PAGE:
Everybody Loves Raymond
Ray Romano, an affable son, father and husband, was not as innocent as it seemed. His life troubles stemmed from living next door to his parents and brother. Each of the characters in this comedy was given very nuanced roles and it was interesting to see their travails interacting with Ray. In the midst of the intrusive and somewhat crazy Romano family was poor and normal Debra. Debra and her mother-in-law were always at loggerheads while Ray played the role of the pacifier to both but he was just playing coy to both of them to earn both their affection. His brother would call out his inner ulterior motive seeking behavior and he fought valiantly in the background to shine a light on Ray’s selfishness. He would succeed sometimes and therein Ray would find himself being confronted by both his mother and wife at the same time.
Lastly, the patriarch of the family, Frank, a fiery man with obscure mannerisms rounds off the cast. His arguments with Marie were epic and had some of the best BURNS you would be able to think of.
What can I say about FRIENDS that hasn’t already been said? Only that not only was it a show about 6 friends hanging out and solving each other’s problems – but it was also an epoch on how to evolve in life with age, circumstance, etc.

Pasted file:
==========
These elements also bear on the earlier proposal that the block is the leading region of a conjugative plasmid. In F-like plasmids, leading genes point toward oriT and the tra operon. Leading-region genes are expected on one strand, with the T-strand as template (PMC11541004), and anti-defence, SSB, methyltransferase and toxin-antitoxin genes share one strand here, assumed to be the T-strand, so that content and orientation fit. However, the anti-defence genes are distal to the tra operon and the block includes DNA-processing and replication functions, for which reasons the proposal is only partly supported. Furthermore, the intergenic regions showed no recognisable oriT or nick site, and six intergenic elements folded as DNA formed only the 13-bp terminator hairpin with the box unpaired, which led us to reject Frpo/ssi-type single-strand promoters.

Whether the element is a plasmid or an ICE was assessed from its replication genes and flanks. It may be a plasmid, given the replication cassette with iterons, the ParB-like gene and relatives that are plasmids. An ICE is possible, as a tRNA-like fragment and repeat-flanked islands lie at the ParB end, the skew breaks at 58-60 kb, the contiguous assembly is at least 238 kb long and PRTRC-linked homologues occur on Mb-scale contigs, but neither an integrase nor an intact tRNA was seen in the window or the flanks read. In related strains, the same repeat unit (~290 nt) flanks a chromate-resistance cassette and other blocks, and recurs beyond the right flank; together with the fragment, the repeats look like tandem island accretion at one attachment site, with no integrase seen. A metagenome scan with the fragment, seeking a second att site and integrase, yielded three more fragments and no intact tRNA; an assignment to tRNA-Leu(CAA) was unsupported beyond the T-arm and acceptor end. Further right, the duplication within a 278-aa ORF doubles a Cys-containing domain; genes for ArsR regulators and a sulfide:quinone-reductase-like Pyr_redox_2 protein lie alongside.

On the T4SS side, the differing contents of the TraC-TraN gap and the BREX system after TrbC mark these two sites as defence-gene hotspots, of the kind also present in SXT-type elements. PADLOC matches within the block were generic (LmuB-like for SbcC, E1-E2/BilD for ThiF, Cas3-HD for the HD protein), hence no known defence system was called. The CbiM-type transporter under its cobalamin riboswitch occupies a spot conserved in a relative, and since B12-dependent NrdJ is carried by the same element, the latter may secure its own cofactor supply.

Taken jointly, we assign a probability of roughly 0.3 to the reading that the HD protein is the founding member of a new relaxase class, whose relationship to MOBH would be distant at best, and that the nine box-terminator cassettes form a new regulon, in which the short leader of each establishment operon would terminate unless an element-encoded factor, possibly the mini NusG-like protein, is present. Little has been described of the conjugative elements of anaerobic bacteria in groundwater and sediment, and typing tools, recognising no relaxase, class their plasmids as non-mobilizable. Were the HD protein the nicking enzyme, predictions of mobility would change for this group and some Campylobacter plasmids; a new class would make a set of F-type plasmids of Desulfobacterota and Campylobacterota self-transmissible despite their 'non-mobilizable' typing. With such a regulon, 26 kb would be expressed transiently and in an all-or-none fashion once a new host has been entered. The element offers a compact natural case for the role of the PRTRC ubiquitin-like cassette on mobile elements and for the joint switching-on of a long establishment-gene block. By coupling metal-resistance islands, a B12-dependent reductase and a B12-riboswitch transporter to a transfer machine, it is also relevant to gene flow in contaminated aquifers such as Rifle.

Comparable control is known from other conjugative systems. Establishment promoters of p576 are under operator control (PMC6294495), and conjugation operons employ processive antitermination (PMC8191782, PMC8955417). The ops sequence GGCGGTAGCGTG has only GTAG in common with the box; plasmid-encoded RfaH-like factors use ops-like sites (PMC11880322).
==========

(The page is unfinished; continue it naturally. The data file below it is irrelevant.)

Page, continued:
Rachel enters the series as a brash, spoilt brat from Long Island but she was the first friend to become a parent and a doting one at that. Phoebe seemed to have commitment issues with no serious boyfriends throughout the show but when she meets Mike, she finds a man who understands her and loves her. Her wedding was a beautiful mess but she managed to convey the true longing for and love of Mike. Monica was always the uptight and OCD neat-freak, looking for the perfect guy (somewhat) but she falls hard for two seemingly imperfect guys – Richard and then, of course, Chandler.
Now, Chandler’s transition was the greatest: from the cynical, satirical group comic with MAJOR commitment phobia into a lovable and caring boyfriend then husband to Monica and eventual understanding parent to their adopted kids. Chandler’s was a beautiful coming-of-age story being told in the background.
Joey and Ross seemingly don’t change much throughout the show – at least not as much as the other 4 do but it is notable that Ross, the one-woman guy in college finally dates more women and becomes a more relaxed guy to Rachel when they eventually end up together (one of the problems with Ross and Rachel’s initial relationship problems was Ross’s incessant clinginess to Rachel’s daily life). Joey comes into the show as an amorous bachelor and exits the show as one too but what changes are that at the end, he is an accomplished actor with some success to his name.
Ahh, the dose of nostalgia did actually make me feel good.
Sadia Sarwar is an upcoming author with plenty of opinions and rarefied tastes. Follow her on @sadiamhsarwar.